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rotator cuffRotator cuff tendinitis is an injury that plagues athletes and non-athletes alike. It most often occurs from repetitive actions, like throwing a ball, lifting, or even sitting at a computer. The good news is that acupuncture for rotator cuff tears can help reduce pain, inflammation, and speed healing. [1-4]

I have successfully treated rotatory cuff injuries with acupuncture in many patients.

What is the rotator cuff tendonitis?

The rotator cuff consists of four muscles that connect the shoulder to the humerus of the arm: the suprspinatus, infraspinatus, teres minor, and subscapularis muscle. These muscles stabilize the arm while it moves.

Rotator cuff tendinitis occurs when there is inflammation or a tear in the tendons of the rotator cuff. Injuries often occur from repetitive movements like throwing a ball. It is also possible to injury the rotator cuff through injuries such as falling or lifting something too heavy.

After the injury, one may develop pain, weakness, difficultly moving the arm, and irritation. If left untreated, it may become worse. Due to lack of motion of the arm, the arm may lose muscles mass and develop long term weakness.

Trigger points are areas within muscles and connective tissue that become tightened and hyper reactive. They become so tight that the trigger points pull on other muscles and structures around the the muscles leading to pain and dysfunction. Acupuncture is a great method for reducing the trigger points within the rotatory cuff to help increase circulation and stimulate healing.[5]

Acupuncture and rotator cuff tendinitis

Acupuncture works to help heal rotator cuff injuries by increasing the circulation to the area and decreasing inflammation in the tendons. [6] Acupuncture also works to reduce pain and inflammation through regulating neural pain pathways, stimulating the release of natural pain relievers in the body, such as opioids, as well as regulating pain relieving opioid receptors.[4,7] In addition, research has shown that acupuncture stimulates the growth of muscle tissue which can help in healing of the injury.

I have significant experience treating rotator cuff injuries with acupuncture. My method considers both your constitutional state of health as well as muscle tension and development of trigger points in the areas. The acupuncture treatment is customized to each individual by addressing imbalances within the muscles, connective tissues, and acupuncture channels of the rotator cuff.

If muscle tension and trigger points are the primary issue, the local trigger points will need to be addressed. Active trigger points are areas of tenderness and stress in the muscle.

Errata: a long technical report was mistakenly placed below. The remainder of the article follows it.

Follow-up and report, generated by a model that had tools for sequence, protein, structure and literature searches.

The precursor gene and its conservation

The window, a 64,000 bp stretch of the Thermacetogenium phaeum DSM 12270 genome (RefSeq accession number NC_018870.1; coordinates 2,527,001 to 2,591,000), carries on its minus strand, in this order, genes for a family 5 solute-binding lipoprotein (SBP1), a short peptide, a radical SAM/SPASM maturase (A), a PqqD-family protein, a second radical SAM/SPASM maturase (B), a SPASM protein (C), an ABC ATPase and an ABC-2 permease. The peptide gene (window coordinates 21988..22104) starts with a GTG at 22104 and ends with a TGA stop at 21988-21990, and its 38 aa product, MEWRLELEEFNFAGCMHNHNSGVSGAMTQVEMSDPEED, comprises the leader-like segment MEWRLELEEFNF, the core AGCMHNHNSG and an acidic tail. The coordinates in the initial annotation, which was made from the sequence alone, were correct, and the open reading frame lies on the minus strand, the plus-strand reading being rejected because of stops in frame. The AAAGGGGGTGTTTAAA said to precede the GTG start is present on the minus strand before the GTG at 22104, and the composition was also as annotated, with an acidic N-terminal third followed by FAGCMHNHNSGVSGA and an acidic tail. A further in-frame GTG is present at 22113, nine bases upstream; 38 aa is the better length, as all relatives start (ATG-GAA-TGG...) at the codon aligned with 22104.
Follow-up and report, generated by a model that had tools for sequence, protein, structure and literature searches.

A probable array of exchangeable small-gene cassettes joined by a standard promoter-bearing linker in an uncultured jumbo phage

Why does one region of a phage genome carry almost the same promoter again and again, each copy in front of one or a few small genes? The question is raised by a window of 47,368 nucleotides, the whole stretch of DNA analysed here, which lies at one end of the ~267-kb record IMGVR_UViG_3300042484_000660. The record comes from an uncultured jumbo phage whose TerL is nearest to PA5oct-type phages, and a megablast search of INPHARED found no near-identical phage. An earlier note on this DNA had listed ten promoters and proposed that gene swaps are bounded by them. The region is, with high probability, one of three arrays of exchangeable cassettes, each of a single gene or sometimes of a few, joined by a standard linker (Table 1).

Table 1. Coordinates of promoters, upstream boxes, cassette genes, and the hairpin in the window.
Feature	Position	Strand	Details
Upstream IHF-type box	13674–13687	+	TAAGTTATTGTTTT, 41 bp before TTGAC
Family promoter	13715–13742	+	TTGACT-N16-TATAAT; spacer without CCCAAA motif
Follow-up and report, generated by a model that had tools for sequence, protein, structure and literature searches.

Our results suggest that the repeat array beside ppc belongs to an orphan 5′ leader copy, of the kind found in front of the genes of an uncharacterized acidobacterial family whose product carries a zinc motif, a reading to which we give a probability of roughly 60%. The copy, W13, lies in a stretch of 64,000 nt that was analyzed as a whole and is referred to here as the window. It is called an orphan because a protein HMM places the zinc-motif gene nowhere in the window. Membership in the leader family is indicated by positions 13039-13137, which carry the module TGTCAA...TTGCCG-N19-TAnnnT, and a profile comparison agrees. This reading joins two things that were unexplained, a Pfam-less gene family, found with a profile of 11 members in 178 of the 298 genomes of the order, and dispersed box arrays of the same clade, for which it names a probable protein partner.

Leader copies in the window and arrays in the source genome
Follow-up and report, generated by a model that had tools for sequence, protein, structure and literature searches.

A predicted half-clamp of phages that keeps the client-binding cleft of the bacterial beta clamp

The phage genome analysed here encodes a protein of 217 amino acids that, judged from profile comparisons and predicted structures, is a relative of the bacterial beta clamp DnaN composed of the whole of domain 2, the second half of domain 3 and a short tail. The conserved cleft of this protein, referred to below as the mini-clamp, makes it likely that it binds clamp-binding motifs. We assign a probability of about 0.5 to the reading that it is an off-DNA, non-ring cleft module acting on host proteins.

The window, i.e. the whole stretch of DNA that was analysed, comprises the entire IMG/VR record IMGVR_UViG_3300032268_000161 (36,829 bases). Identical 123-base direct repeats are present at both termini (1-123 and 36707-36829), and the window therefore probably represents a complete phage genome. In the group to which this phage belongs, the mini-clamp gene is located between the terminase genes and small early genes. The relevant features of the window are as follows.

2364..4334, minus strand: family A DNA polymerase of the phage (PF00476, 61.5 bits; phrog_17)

I will also select acupuncture points along the affected acupuncture channel that are farther away from the pain. This technique increases circulation in the acupuncture channels, which will reduce pain and speed healing.

Often with chronic injuries or joints that have been challenging to heal we will need not only to release the trigger points but also improve the energetic levels of the body. This may mean that there is an underlying weakness causing the inability to heal. If this is the case then acupuncture will focus on increasing the amount of energy in the body.

Electroacupuncture is particularly effective for rotator cuff injuries to speed healing and reduce inflammation. Tui na is also an effective method to address connective tissue injuries.

Research on Acupuncture for Rotator Cuff Tendinitis

A study in the journal Pain showed acupuncture to reduce pain in athletes with rotator cuff injuries.[8]   52 people were enrolled and received acupuncture 2 times per week for 4 weeks. The acupuncture group’s pain was reduced much more than the placebo acupuncture group.



  1. Rueda Garrido JC, Vas J, Lopez DR. Acupuncture treatment of shoulder impingement syndrome: A randomized controlled trial. Complement Ther Med.2016;25:92-97; PMID: 27062955.
  2. Lathia AT, Jung SM, Chen LX. Efficacy of acupuncture as a treatment for chronic shoulder pain. J Altern Complement Med.2009;15(6):613-618; PMID: 19489707.
  3. Staud R. Mechanisms of acupuncture analgesia: effective therapy for musculoskeletal pain? Curr Rheumatol Rep.2007;9(6):473-481; PMID: 18177601.
  4. Napadow V, Ahn A, Longhurst J, et al. The status and future of acupuncture mechanism research. J Altern Complement Med.2008;14(7):861-869; PMID: 18803495.
  5. Osborne NJ, Gatt IT. Management of shoulder injuries using dry needling in elite volleyball players. Acupunct Med.2010;28(1):42-45; PMID: 20351377.
  6. Audette JF, Ryan AH. The role of acupuncture in pain management. Phys Med Rehabil Clin N Am.2004;15(4):749-772, v; PMID: 15458750.
  7. Zhang R, Lao L, Ren K, et al. Mechanisms of acupuncture-electroacupuncture on persistent pain. Anesthesiology.2014;120(2):482-503; PMID: 24322588.
  8. Kleinhenz J, Streitberger K, Windeler J, et al. Randomised clinical trial comparing the effects of acupuncture and a newly designed placebo needle in rotator cuff tendinitis. Pain.1999;83(2):235-241; PMID: 10534595.
Joseph Alban, L.Ac.

Joseph Alban, L.Ac.

Joseph Alban is a New York Licensed Acupuncturist and Board Certified Herbalist providing the highest quality Acupuncture and Chinese medicine care tailored to your needs.
Joseph Alban, L.Ac.

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